Saturday, June 28, 2008

Local Warming

We never had A/C when I was a kid … neither in Connecticut, nor when we moved to New Jersey. We had an “open the front screen door, open the back screen door, open all the windows, and hope for the best” summer cooling policy. There was one window fan we brought South with us; along with its air circulation responsibilities, it also served as a “how far will you put you finger through the hole in the screen?” benchmark.

Put your stuff away, make your bed first thing in the morning, keep the dishes out of the sink, and clean the countertops, Mom said, and we’d have comfortable summer.

She added an important corollary: “A tidy house is a cool house”

Sure, that makes sense. Who needs a lot of clutter when you’re hanging out with your friends? We should keep everything [snacks, sodas and juices] available and within easy reach.

Then, Mom took it a step further, to explain the thermodynamics behind keeping a clean house.

“Heat” she explained, “Is reflective. It bounces off flat surfaces. This is okay, when you have one big flat surface, like at the beach, bang zoom, it comes down from the sun and bounces away. But, when you have GI Joes and Hot Wheels and model airplane parts and books and stuff all lying around, that is quite a collection of tiny flat surfaces, and the Heat can bing and bang around all day, warming up the whole house.”

Substitute the word “heat” for “radar” and it sounds like my Mom discovered the nugget behind Stealth technology, i.e., y’all should minimize reflective surfaces.

However, the drive to put things away, as tidily as possible; referencing and cross-referencing (on note cards or just committing to memory), must certainly been a factor to my OCD.

That’s partly sensible

Wednesday, June 25, 2008

The Age-Old Question

I was lamenting to D'Wife how lax my training for the Distance Run has been this summer. I've been doing the miles and checking the pacing, but I really am having a tough time motivating myself. I was talking to Doe today and he's in the same boat. Even though he's still ticked at himself for not pushing just a little bit harder and coming in under 1:30 at Broad Street, he's not really trying hard to break 9:00 miles in September.

"What do you care, anyway?" D'Wife asked me last night, "You're old. You started slowing down a long time ago. You'll never be fast again and Doe's going to kick your butt."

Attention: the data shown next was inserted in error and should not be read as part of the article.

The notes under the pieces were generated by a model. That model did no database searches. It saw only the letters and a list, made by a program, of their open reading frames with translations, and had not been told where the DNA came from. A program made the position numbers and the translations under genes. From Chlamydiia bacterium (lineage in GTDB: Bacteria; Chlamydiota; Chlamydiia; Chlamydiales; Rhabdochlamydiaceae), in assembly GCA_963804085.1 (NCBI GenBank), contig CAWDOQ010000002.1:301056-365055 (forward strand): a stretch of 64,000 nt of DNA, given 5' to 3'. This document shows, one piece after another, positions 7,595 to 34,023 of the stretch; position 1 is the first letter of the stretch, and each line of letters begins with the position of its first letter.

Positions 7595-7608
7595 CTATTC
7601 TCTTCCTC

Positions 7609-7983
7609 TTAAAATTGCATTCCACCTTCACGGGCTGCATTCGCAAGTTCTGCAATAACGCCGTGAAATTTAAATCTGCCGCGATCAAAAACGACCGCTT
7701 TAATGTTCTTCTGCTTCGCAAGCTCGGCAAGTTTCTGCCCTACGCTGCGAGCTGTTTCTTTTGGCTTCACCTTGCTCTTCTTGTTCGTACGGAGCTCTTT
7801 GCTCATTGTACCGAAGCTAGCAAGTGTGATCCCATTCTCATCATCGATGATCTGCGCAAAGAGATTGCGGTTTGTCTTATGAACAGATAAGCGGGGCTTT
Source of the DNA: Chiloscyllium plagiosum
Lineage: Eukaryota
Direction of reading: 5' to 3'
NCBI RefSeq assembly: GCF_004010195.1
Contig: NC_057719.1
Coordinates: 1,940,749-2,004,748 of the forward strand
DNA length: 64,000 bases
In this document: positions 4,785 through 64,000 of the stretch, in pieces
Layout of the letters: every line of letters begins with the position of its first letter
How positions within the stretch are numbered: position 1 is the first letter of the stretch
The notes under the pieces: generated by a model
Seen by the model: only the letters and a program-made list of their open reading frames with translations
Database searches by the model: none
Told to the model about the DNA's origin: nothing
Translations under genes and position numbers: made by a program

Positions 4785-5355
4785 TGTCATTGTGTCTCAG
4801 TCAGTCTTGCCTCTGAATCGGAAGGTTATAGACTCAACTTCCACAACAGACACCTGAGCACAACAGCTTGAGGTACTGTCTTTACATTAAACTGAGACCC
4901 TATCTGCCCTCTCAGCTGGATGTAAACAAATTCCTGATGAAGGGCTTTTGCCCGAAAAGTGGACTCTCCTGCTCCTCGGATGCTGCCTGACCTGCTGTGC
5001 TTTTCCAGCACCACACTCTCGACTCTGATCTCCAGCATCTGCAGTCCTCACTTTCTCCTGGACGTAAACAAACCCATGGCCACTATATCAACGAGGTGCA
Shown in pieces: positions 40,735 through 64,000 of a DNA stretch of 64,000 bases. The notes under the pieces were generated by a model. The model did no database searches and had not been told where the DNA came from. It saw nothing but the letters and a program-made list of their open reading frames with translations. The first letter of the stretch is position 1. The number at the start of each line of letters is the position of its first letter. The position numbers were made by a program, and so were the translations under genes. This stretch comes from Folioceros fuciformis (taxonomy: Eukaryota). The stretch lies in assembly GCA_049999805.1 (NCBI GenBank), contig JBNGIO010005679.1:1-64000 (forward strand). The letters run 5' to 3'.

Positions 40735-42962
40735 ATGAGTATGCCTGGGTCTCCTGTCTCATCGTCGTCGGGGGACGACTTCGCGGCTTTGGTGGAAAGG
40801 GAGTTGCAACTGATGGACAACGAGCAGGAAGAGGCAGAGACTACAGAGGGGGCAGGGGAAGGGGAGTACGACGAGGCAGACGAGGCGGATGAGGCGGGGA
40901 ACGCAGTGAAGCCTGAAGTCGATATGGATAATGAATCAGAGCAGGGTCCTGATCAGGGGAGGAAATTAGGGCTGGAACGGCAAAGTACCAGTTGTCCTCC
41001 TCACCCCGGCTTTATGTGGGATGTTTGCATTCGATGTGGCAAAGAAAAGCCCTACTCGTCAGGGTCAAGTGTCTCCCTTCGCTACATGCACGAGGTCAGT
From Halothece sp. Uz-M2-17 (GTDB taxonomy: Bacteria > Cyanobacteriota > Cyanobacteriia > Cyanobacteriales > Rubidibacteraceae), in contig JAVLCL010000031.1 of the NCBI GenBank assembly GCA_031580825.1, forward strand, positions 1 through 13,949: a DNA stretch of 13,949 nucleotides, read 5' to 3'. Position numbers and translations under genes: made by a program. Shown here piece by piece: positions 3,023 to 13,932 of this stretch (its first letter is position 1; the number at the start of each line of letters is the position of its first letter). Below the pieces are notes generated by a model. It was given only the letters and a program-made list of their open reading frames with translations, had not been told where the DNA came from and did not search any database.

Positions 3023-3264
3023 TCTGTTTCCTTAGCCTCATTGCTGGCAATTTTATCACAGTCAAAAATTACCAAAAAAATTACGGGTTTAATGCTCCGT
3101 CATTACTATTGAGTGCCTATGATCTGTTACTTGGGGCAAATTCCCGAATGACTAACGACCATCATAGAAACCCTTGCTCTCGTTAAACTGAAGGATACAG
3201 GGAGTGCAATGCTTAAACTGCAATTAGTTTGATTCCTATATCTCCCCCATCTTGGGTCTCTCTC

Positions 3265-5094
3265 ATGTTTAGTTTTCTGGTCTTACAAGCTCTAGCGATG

As laid in bed this morning, after being woken up by the old-fashioned rumble of a cropduster, flying low over my house at 5:40AM ["Hm, I'm about 20 minutes behind schedule" - grab pillow, roll over]. Those words came back to me ... along with the "Age-Old Question"

Are you running to something, or from something?

When I dream of running ...

[Yes, I have dreams about running; biking, swimming, cycling and surfing, too ... as well as forgetting my High School locker combination; being in a meeting I have no business attending; driving up a very high and very steep bridge only to come careening down the other side like a dive-bomber; and the always entertaining levitating office chair - which can fly and hover at a considerable altittude with no means of propulsion or safety equipment of any kind (just me, in a chair, floating over the city at 5,000 feet]

When I dream of running ... I'm usually running to something, in a race situation, sometimes a triathlon. There is the finish line and, of course, a beer. There are the ones where I can't find my shoes, though. I wonder what that's about?

Cycling, generally I'm riding from something [not always bad guys or police or mountain lions or flying monkeys, but often enough]. Swimming and surfing dreams, find me hanging out in the water, not really going anywhere, until the tsunami comes, then I paddle like hell!!!

On the way home from work today, I realized that I'm running to as much as I'm running from.

I'm running to:
The future

Conversely, I'm running from:
My past

On good days, I finish closer to the "to's" than the "from's"; on the days I'm on the "from" side, I just remind myself that there's always tomorrow.

Sunday, June 22, 2008

You're IT!!!

There were no playgrounds nearby in the neighborhood I lived in as a kid in Connecticut.

No ballfields within biking distance or basketball courts either. Our front yards were proportioned perfectly for Whiffleball – the batter would stand at the front steps, the pitcher would be where the sidewalks met. Once the hostas, pachysandras, rhododendrons and azaleas got stomped, though, the game had to move to a different house. Eventually, every home had a dirt patch on either side of their walkway from eager kids chasing bad pitches.

The gathering call, however was three simple words.

“Wanna ride bikes?”

Between games, instead of games; when swinging on swingsets or doodling with sidewalk chalk got too boring or predictable [or if someone was just getting crushed in that day’s Whiffleball], “Wanna ride bikes?” was the easy out. It was what we all really wanted to do all day anyway.